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New Poll - lens types and image quality

Discussion in 'Weekly Poll' started by Damien_Demolder, Jun 4, 2007.

  1. SqueamishOssifrage

    SqueamishOssifrage Well-Known Member

    I have the same lens with a Rolleinar badge on it. It does have one big advantage - it is less than half the size and weight of the f2. :(

    In 35mm, besides the f1.4, I have the Rolleinar 2.8 and the German Distagon f2.8, which, using mid-range apertures, can definitely give the 1.4 a run for its money! :)
     
  2. Benchista

    Benchista Which Tyler

    Ah, I've got an odder 35mm - the 35mm f2.8 Schneider Angulon. It's really an SL35 lens, along with my 85mm f2.8 Sonnar (and one of my 50mm f1.8 Planars), but I like it a lot.
     
  3. mjc7uk

    mjc7uk Well-Known Member

    I would say that Prime is better quality than the zoom, but then I am bit old fashion with that train of thought.

    I admit that the best zoom I have use is the Nikon 18-135mm DX which is quite sharp for what it is. (IMHO)
     
  4. huwevans

    huwevans Not Really Here

    Walked right into that one! :)


    Very, very hard to commit myself on that, because of all the Zeiss and Rodenstock glass I've used I don't think there's ever been an overlap where they could really be directly compared.

    However, if forced to lean on a hunch I'd have to give it to Zeiss as an optical designer/manufacturer, simply because of the sheer magic of the moment I first slapped a negative from the Contax G2 into the enlarger and was absolutely blown away by the quality of the resulting print.

    Okay, I know those lenses weren't actually made by Zeiss, but they were Zeiss designed, specified, and QC'd, and that's good enough for me.

    All in all I tend to put Zeiss up at the top, with Rodenstock and Schneider more or less equal a very short distance behind. OTOH, some of my Mamiya lenses are as good as anything I've ever used, but they're less consistent - a few more dogs in the line up. Ditto for Nikon. That's not something I'd say of any German lens-maker of my experience - they all seem to be wonderfully consistent.
     
  5. parisian

    parisian Well-Known Member

    Interesting though Huw, the general concensus I would suspect would give the quality edge to European glass over the Japanese. What a damn shame they never had the business acumen to follow it up.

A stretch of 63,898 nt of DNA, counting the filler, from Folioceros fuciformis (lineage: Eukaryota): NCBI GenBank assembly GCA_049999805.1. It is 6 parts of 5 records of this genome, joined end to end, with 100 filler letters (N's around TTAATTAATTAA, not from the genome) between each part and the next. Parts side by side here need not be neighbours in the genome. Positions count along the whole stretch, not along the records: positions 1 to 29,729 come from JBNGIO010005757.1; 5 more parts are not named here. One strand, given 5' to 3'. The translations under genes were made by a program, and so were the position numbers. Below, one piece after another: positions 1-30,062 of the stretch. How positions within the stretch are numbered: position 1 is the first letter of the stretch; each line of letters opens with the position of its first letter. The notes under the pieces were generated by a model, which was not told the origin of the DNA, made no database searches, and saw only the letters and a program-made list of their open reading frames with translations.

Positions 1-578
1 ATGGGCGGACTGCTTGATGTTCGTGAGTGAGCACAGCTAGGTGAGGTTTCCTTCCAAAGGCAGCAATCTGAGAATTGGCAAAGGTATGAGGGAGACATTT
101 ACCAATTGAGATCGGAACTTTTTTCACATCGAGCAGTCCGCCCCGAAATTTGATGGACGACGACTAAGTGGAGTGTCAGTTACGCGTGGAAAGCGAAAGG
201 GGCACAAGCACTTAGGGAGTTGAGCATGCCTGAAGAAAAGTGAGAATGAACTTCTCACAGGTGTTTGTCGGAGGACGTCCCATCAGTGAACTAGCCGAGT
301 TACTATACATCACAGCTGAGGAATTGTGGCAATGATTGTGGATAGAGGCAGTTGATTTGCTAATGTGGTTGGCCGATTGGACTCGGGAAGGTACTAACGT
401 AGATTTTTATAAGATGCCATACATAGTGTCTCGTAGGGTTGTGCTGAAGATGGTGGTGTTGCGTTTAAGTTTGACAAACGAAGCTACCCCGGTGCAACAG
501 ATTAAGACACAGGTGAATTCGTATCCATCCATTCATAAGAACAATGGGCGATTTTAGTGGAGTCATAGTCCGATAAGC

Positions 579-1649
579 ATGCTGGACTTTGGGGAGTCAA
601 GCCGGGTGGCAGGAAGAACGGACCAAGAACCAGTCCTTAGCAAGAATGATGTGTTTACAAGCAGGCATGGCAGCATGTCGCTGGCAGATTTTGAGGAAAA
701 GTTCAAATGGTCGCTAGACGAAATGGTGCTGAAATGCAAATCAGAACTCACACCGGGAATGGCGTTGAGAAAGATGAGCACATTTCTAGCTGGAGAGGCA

I am off to Cardiff for a couple of days and am taking the 'Blad and the D2X. I want to wander around the Bay area and look at the new building work there. Herself is at some tedious conference or other so it should allow a decent amount of time to ponder the view.
     
  6. SqueamishOssifrage

    SqueamishOssifrage Well-Known Member

    Something nobody has mentioned yet in the zoom versus prime debate is the f-stop/t-stop difference. As I understand it, the Zeiss T* coatings were so named because there was no significant light loss through the lens. I have just checked one of my (albeit older) zooms against a Zeiss prime, using stop-down metering, and there is nearly a full stop difference at f5.6 - f8.

    Is this still considered an issue with modern zooms?
     
  7. Hotblack

    Hotblack Dead Horse Flogger

    I'm not sure I'm actually qualified to answer this. I've only ever possessed one prime lens, an old Sigma 28mm, which I used on my old Nikon Fe. The other two lenses were zooms, a 75-150mm and a 43-86mm. It was a long time ago and I didn't know any better.

    I'll admit that the lenses I have now knock spots off those earlier zooms but I still don't possess any primes.

    I've heard many people say that primes are much better but I have no experience to check that.
     
  8. huwevans

    huwevans Not Really Here

    Not a terribly significant one - multi-coating pretty much did away with the need to take account of transmission losses for general purposes.
     
  9. daft_biker

    daft_biker Action Man!

    Primes for me.....even if the mpe zooms I think it's still classed as prime? Have used my 28-105 twice since getting a 50mm f/1.4....and both times involded salt-water spray.

    The performance from the zoom was bad enough that I'd only really use in the middle on the zoom between f/5.6 and f/10.....if a shot required something else I'd often walk away rather than waste my time trying hard to get a sharp shot. f/22 on that lens was shocking...can hardly believe canon left it on it. Have even seen prints in AP that I can tell without reading the info that it was taken on a canon 28-105@f/22 (not for a while, mind).

    70-200 seems to be pretty good for zooms....I don't have the same problem with zooms there.
     
  10. El_Sid

    El_Sid Well-Known Member

    Ah but which one is it? The cheap ones probably are less than magnificent - I suspect they were originally designed for those film based happy snappers who never print above 6x4 (or 7x5 tops). I have the 3.5-4.5 USM which seems to have adequate performance, certainly I've not had comments about softness in club slide competitions.